Remove Dogs from Portfolio

Dogs belong to a mature market and are units that are unable to make enough money to stay afloat. Dogs are break-even products, their revenue and market share is too low to justify their continuity. It is believed that dogs should be sold out or discontinued. This is because dogs can negatively affect a company’s portfolio.

Example: A TV manufacturer introduces a new type of TV

A TV manufacturer introduces a new type of TV, which uses a unique technology which is novel at the time. However, the TV consumes more electricity than another line of energy-efficient and better resolution TVs produced using even better technology. The product after a few years of heavy investment is barely able to produce any profit, operating at barely break-even. From an accounting point of view, the product is a liability and negatively affecting the portfolio of the company. The company decides to discontinue the product.

A real-life example of a Dog can be considered Phillips Plasma TV. Manufacturers like Phillips failed to survive in a growing Plasma TV market, also due to competition from more energy-efficient and cheaper LCD TVs. other key players such as Samsung and LG stayed in the market for a while until Plasma TVs became obsolete.

Question Marks Might Become Stars or Dogs

Since question marks operate in markets experiencing high growth, they have the possibility of growing into stars and eventually cash cows. On the contrary, products which fail to survive competition become dogs and need to be dealt with. Companies need to invest heavily in question marks in the hope of making them a success. For this purpose, companies milk their cash cows to fund question marks.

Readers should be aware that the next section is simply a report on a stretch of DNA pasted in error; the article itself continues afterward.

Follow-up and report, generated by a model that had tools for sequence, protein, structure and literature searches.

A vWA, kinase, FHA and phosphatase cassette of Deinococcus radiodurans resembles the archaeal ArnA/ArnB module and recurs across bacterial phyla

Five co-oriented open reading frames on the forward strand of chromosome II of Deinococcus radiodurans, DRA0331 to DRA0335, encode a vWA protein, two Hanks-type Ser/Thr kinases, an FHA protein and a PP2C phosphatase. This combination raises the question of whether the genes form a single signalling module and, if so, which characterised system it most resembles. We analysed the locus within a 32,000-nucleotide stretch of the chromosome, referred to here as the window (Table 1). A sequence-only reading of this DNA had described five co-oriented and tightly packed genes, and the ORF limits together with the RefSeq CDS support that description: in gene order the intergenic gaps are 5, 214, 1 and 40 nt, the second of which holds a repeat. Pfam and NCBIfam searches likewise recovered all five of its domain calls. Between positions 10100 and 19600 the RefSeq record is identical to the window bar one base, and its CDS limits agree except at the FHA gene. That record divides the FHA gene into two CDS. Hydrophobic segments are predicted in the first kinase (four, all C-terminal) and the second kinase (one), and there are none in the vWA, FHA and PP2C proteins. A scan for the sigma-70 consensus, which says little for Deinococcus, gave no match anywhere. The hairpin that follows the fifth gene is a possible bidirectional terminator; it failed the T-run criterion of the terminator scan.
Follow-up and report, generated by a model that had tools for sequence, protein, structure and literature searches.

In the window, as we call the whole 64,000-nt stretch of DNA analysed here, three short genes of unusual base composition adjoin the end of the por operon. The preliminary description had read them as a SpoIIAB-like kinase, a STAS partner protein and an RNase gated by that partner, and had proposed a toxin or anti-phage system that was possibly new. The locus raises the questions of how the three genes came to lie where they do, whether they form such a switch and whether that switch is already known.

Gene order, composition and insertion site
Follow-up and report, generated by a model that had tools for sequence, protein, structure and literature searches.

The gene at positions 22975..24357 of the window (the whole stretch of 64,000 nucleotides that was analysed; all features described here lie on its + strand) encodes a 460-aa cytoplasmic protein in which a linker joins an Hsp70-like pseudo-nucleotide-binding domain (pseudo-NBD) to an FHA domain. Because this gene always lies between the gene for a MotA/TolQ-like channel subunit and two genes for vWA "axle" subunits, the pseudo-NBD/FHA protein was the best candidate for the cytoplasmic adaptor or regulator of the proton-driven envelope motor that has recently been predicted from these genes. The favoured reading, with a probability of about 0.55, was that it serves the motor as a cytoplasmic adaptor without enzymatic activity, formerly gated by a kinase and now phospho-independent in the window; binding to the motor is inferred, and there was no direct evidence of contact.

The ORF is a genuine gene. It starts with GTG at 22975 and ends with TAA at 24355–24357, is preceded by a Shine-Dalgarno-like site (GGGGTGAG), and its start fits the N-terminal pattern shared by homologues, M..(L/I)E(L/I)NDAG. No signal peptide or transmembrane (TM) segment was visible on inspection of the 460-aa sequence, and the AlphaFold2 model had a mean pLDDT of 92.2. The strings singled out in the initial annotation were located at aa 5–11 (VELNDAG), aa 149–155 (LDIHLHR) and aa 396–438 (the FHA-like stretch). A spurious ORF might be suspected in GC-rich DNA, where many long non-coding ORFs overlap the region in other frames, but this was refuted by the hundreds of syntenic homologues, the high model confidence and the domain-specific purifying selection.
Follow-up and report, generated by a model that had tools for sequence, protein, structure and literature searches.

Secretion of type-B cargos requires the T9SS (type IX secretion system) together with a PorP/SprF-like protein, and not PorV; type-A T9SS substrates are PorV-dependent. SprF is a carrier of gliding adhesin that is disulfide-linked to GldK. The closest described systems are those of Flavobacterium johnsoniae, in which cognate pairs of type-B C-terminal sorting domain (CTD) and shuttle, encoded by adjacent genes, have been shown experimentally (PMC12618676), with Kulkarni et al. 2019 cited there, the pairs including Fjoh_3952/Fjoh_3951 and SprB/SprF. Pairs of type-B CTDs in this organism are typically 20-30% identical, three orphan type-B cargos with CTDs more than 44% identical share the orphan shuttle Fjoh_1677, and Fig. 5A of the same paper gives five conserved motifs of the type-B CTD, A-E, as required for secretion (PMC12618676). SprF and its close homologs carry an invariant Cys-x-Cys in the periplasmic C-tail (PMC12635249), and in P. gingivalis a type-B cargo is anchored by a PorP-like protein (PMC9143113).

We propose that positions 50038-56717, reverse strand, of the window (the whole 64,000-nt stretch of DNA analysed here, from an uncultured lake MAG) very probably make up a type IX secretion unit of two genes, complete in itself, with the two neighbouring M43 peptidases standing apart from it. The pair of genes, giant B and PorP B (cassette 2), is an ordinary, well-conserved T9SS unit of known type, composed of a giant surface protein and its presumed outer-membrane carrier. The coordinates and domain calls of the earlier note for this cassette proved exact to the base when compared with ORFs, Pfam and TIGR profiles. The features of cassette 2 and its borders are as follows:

Example: A tech company launching a new web service in a growing market

A tech company launches a new web service in a growing market. The service becomes a question mark since it’s unable to experience the desired growth over five years. The company invests in R&D and provides additional features which become an instant success, leading to a surge in users.

Gmail for a very long period was not the preferred email service for many as Yahoo, Hotmail and AOL ruled the market. However, over time Gmail became a success story and changed the trajectory of Google, proving that the company could offer more than just its popular search engine. Gmail wasn’t much to talk about back in 2004 at the time of its beta release. In fact, despite offering more space than competitors, we can say that it had a rough few years. By 2012, Gmail had an estimated 425 million active users and gave competitors a run for their money. By 2019, Gmail had an estimated 1.5 billion users. Gmail not only earns revenue for Google by displaying ads but is also a part of its famous GSuite.